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Fireground audio: Explosion & fire in Indianapolis that killed two & destroyed homes.

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Teresa Mackin, WISH-TV:

Hundreds gathered Sunday evening in Greenwood to remember one of their own.

Second grade teacher Jennifer Longworth and her husband Dion were the two victims of Saturday night’s tragic explosion on the city’s south side.

Jennifer Longworth taught at Southwest Elementary for twelve years, said co-workers Sunday.

Co-workers, friends, family, students and parents all gathered outside for a candlelight vigil.

They laid flowers and candles near the flagpole outside, and wrote messages to Mrs. Longworth on a poster board.

Rick Callahan & Charles Wilson, Associated Press:

Splintered beams and boards on a piece of charred earth were all that remained Sunday where three Indianapolis homes were leveled in a blast that killed two people and rendered homes for blocks uninhabitable.

A backhoe raked through the rubble in the middle-class subdivision as clusters of firefighters and rescue workers weary from a long, chaotic day that began late the night before waited for their next assignment.

The two-story, brick-faced homes on either side of those demolished by the blast were in ruins. One home’s roof was gone, a blackened husk left behind. On the other side of the gap, the side of a home was sheared off. Across the street, garage doors had buckled from the heat.

It wasn’t yet clear what caused the blast that shook the neighborhood at 11 p.m. Saturday. Residents described hearing a loud boom that blew out windows and collapsed ceilings. Some thought a plane had crashed or that it was an earthquake.

Teacher, husband remembered at vigil

Alex Pflanzer, who was asleep when the nearby homes were leveled, said he heard his wife screaming and thought someone was breaking into his house. Grabbing his gun, he checked the house and saw the front door was standing open.

“I walked outside and all the houses were on fire,” he said.

Pflanzer, his wife and two dogs were staying in a hotel room Sunday night. They were, however, without their cat, who refused to budge from the crawl space.

Deputy Code Enforcement Director Adam Collins said as many as 31 homes were damaged so badly that they may have to be demolished. The explosion damaged a total of 80 homes, he said. He estimated the damage at $3.6 million.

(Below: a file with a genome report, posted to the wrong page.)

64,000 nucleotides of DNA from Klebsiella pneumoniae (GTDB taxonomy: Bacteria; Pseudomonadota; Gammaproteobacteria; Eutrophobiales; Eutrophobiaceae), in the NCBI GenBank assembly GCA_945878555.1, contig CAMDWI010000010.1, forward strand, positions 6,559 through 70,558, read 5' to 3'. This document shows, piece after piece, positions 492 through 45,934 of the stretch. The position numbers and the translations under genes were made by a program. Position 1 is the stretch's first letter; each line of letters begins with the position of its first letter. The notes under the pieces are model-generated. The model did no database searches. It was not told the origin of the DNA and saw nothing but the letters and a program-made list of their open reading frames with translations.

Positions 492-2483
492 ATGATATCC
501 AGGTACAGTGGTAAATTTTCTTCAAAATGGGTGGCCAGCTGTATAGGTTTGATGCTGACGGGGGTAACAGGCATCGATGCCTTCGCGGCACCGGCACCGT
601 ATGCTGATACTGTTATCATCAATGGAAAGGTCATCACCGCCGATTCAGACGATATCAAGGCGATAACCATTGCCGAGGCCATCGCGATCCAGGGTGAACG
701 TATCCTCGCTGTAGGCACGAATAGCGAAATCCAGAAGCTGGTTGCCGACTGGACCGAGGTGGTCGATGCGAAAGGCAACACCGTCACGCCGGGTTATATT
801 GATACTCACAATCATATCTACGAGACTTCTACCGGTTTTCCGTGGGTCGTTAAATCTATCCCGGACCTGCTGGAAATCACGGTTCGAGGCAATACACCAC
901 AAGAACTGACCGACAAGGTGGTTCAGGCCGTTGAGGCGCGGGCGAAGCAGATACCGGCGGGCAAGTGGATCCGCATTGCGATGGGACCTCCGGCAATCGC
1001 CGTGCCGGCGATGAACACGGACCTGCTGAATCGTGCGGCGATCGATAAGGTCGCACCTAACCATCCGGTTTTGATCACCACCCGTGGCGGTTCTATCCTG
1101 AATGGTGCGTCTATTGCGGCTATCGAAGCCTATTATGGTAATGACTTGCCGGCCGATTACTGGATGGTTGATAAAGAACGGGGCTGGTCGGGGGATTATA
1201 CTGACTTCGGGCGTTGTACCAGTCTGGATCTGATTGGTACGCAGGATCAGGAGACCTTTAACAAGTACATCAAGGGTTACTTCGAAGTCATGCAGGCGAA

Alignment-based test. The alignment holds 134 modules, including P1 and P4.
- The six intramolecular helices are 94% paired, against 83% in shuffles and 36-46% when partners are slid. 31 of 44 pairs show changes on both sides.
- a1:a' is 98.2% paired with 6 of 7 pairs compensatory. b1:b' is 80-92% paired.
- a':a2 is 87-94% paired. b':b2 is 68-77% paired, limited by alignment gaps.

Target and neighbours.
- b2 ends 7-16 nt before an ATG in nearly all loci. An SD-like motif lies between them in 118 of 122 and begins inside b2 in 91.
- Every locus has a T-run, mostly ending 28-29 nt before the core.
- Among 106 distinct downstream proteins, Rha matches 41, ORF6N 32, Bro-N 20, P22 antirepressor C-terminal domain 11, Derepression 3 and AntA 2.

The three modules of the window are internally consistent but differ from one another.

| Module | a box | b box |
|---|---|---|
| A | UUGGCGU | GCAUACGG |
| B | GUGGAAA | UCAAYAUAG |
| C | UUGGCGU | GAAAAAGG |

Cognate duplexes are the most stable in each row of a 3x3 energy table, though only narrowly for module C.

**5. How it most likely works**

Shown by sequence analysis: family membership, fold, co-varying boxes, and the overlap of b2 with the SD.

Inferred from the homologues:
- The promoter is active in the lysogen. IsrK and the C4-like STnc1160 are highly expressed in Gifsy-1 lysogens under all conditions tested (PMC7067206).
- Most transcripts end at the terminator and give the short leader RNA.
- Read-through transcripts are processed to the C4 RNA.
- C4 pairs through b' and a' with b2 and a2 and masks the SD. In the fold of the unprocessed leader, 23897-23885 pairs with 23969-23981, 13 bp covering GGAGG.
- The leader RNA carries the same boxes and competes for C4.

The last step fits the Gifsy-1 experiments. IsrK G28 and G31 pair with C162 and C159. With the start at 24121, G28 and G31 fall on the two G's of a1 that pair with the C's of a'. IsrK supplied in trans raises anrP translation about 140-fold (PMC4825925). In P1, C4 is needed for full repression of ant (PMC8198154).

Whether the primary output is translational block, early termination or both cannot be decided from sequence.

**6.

Some residents were allowed to return to their homes to retrieve a few belongings Sunday under police escort, officials said. Others whose homes weren’t as badly damaged were allowed to go home, but officials said they would have to do without electricity overnight.

Deputy Fire Chief Kenny Bacon said investigators haven’t eliminated any possible causes for the blast. But U.S. Rep. Andre Carson, who represents the area, said he had been told a bomb or meth lab explosion had been ruled out.

Along with the two people killed, seven people were taken to a hospital with injuries, Bacon said.

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Comments - Add Yours

  • Retired Chief

    Sounded very organized for such a caotic situation on arrival.

  • FMCH

    Lot of confusion over name of street. They keep calling it Fairfield Way, when it’s actually FieldFare Way. It does sound “unnatural”, maybe that’s why.

  • Chief 62

    This incident highlights the downfall of CAD dispatch systems and ultimately delayed Control in being able to fill out the box and second alarm. It brought home to me how critical it is to give an accurate street address upon arrival for if its a mispelled name the end result was as it was. Been first up on one of these so I know how stressed everyone was. It was good someone in the neighbourhood a couple of streets over also called as equipment was dispatched and closeby for re-assignment. Always tough when one of these happens on your stations doorstep, your literally in the fight before you have had process time. Be very interestd in the outcome for a cause, very unusual destruction for a natural gas explosion of the depth and distance of the debris field. Great Job IFD.

    IFD has lots of resources to throw at an incident of this magnitude, as most of us know its really difficult in a narrow bay to be able to position aerial devices quickly with the resulting congestion and by the minute ever changing priorities. Condolences to the families of the victims.

  • CLT_FF

    Probably very hard for the first company on scene to nail down the right street or address. I assume that address numbers, mailboxes and or street signs were obliterated and it sounded to me that was why the first company in was having a hard time giving out an address…I could be wrong.

  • Dan Hansman

    I am very, very proud of all of the firefighters that were working on this incident. Thank you for doing all that you could do to save this couple. I am honored to work with you.